Virginity testing is sanctioned by law and is meant to control a woman’s sexuality and the notions of a woman’s chastity is tied to a family’s honor. The South African Children’s Act 12(3) allows for virginity testing of girls over the age of 16.

A woman’s so-called honor plays a role in regulating abortion too. For example, in Chile, according to Article 344 of the Penal Code, the punishment shall be reduced if the abortion was done in order to hide a woman’s “dishonor.”

An estimated 93 percent of women of reproductive age in Africa live in countries with restrictive abortion laws. The Ugandan and Zambian Penal Code carry a similar penalty of a seven-year imprisonment for any woman who tries to voluntarily miscarry. In Namibia, the prison sentence could be extended up to 14 years.

 

A demonstration in support of legal abortion in Argentina. Credit: Demian Marchi/Amnesty International

A demonstration in support of legal abortion in Argentina. Credit: Demian Marchi/Amnesty International

 

Second Class Citizenship in the Law

Nationality laws in over twenty countries (The Bahamas, Bahrain, Barbados, Brunei, Burundi, Iran, Iraq, Jordan, Kiribati, Kuwait, Lebanon, Liberia, Libya, Malaysia, Mauritania, Nepal, Oman, Qatar, Saudi Arabia, Somalia, Sudan, Swaziland, Syria, Togo, United Arab Emirates) worldwide exclude mothers from passing their nationality to their children on an equal basis with fathers.

This creates a category of second class citizens and when children are unable to acquire their parents’ nationality; it leads to statelessness. Gender discrimination in nationality laws impede a child’s access to public education and health care.  Unequal nationality laws also curtail access to driver’s licenses, bank accounts and access to social welfare programs and employment.

Unexamined assumptions in the law such as overprotection of women or exclusion of women from certain categories of work reinforce stereotypes that women are fragile and do more harm than good to a woman’s ability to care for her family and community.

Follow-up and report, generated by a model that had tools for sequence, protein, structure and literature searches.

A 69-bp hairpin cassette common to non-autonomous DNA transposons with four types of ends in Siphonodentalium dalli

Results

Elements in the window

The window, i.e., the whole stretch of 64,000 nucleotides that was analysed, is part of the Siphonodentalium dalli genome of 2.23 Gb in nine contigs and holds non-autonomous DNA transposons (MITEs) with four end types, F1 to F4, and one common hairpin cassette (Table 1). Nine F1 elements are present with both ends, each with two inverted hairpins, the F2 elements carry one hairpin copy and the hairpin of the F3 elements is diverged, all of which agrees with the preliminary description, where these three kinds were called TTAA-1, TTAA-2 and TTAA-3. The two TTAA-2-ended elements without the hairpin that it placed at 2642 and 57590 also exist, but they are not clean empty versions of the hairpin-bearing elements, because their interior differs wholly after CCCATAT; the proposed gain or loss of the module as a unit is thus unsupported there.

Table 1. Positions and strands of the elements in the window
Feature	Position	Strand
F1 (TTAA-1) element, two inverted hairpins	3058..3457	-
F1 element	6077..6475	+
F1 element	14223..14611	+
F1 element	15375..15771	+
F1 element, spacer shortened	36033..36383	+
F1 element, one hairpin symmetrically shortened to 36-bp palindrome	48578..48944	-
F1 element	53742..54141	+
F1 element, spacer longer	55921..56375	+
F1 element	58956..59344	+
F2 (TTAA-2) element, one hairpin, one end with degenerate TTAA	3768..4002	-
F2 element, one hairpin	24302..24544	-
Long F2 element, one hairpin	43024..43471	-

Russia excludes women from 400 categories of employment, and the Nigerian Labor Act in Section 57 provides the Minister of Labor a blanket authorization for the exclusion of women from categories of employment as he/she thinks fit: “The Minister may make regulations prohibiting or restricting, subject to such conditions as may be specified in the regulations, the employment of women in any particular type or types of industrial or other undertakings or in any process or work carried on by such undertakings.”

 

Protest march of women workers for higher wages, and against male domination in trade union politics in tea plantations at Munnar in southern Indian state of Kerala. Credit: K.S. Harikrishnan/IPS

 

Are Laws Changing?

A longitudinal mapping of the alterations in the laws that regulate the status of women will reveal whether there are changes in the law and how and where these changes occur.

Despite much remaining legalized discrimination, the year 2017 was a watershed year for women.  Although it is difficult to prove causation, it could be argued that the #MeToo movement has helped to spark some policy change and debate in different parts of the world.

In Tunisia, Jordan, and Lebanon, parliaments repealed provisions in their penal codes that allowed rapists to escape punishment by marrying their victims. In 2017, the Tunisian parliament repealed Article 227 of the penal code exonerating the rapist if he married his victim.

The recent domestic violence law approved by the Tunisian parliament in 2017 was a long time coming and was preceded by a decade long struggle by women to create a normative and legal framework to address violence against women.

However, it could be argued that the global forces unleashed by the #MeToo movement was the final nudge to see it through parliament. The law also criminalizes sexual harassment in public spaces.